A vast doughnut of stars has been found surrounding the Milky Way galaxy. The ring had previously gone unnoticed because of its low density and the clutter of intervening stars and dust, writes Steve Farrar.
But analysis of new survey data has revealed glimpses of the vast structure that sits around the galaxy like a halo.
Nial Tanvir, lecturer in astrophysics at Hertfordshire University, and colleagues at Cambridge, Groningen, Strasbourg and Sydney universities, used the wide-field camera on the 2.5m Isaac Newton Telescope on La Palma to study and pinpoint the positions of large numbers of faint stars.
This led them to the unexpected discovery of a small section of the ring.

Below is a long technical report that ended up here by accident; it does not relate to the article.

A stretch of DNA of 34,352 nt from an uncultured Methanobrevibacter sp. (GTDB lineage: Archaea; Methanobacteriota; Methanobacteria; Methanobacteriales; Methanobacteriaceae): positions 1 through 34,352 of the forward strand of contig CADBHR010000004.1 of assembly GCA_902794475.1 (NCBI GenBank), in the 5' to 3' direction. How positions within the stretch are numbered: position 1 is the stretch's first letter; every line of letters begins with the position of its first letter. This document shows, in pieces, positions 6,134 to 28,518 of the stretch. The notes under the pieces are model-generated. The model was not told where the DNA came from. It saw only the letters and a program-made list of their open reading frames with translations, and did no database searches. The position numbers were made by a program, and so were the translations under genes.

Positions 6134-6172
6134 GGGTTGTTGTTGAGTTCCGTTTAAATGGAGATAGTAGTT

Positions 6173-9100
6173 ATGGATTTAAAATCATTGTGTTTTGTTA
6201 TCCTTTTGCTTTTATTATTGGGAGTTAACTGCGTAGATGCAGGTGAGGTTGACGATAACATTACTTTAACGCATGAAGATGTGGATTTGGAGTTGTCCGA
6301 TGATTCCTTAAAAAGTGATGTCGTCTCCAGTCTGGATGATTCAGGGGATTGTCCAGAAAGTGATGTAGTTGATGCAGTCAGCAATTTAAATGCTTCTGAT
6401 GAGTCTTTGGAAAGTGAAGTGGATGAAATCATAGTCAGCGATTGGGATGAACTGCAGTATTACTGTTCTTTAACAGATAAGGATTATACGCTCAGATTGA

The team then compared their findings with data from the US Sloan survey, which also found evidence of stars beyond the disk of the Milky Way galaxy.
Further hints have subsequently emerged from other survey projects.
The ring seems to be made out of old stars. It encircles the galaxy at a distance of 30,000 light years from the Sun.
While the disc of the spiral galaxy is relatively flat, the ring is much broader.
Dr Tanvir said it was plausible that it had been formed from the remains of a satellite galaxy that had been pulled apart by the gravitational tide of the Milky Way.
"In this sense, it was a little like the rings of debris that surround some of the planets of the solar system, most notably Saturn.
Dr Tanvir said: "These are very large structures but are spread through a great amount of space and so are hard to detect."
Colleague Rodrigo Ibata, of the Observatoire de Strasbourg, added: "Until now we haven't been able to see the wood for the trees."
The discovery was announced at the American Astronomical Society's meeting this week.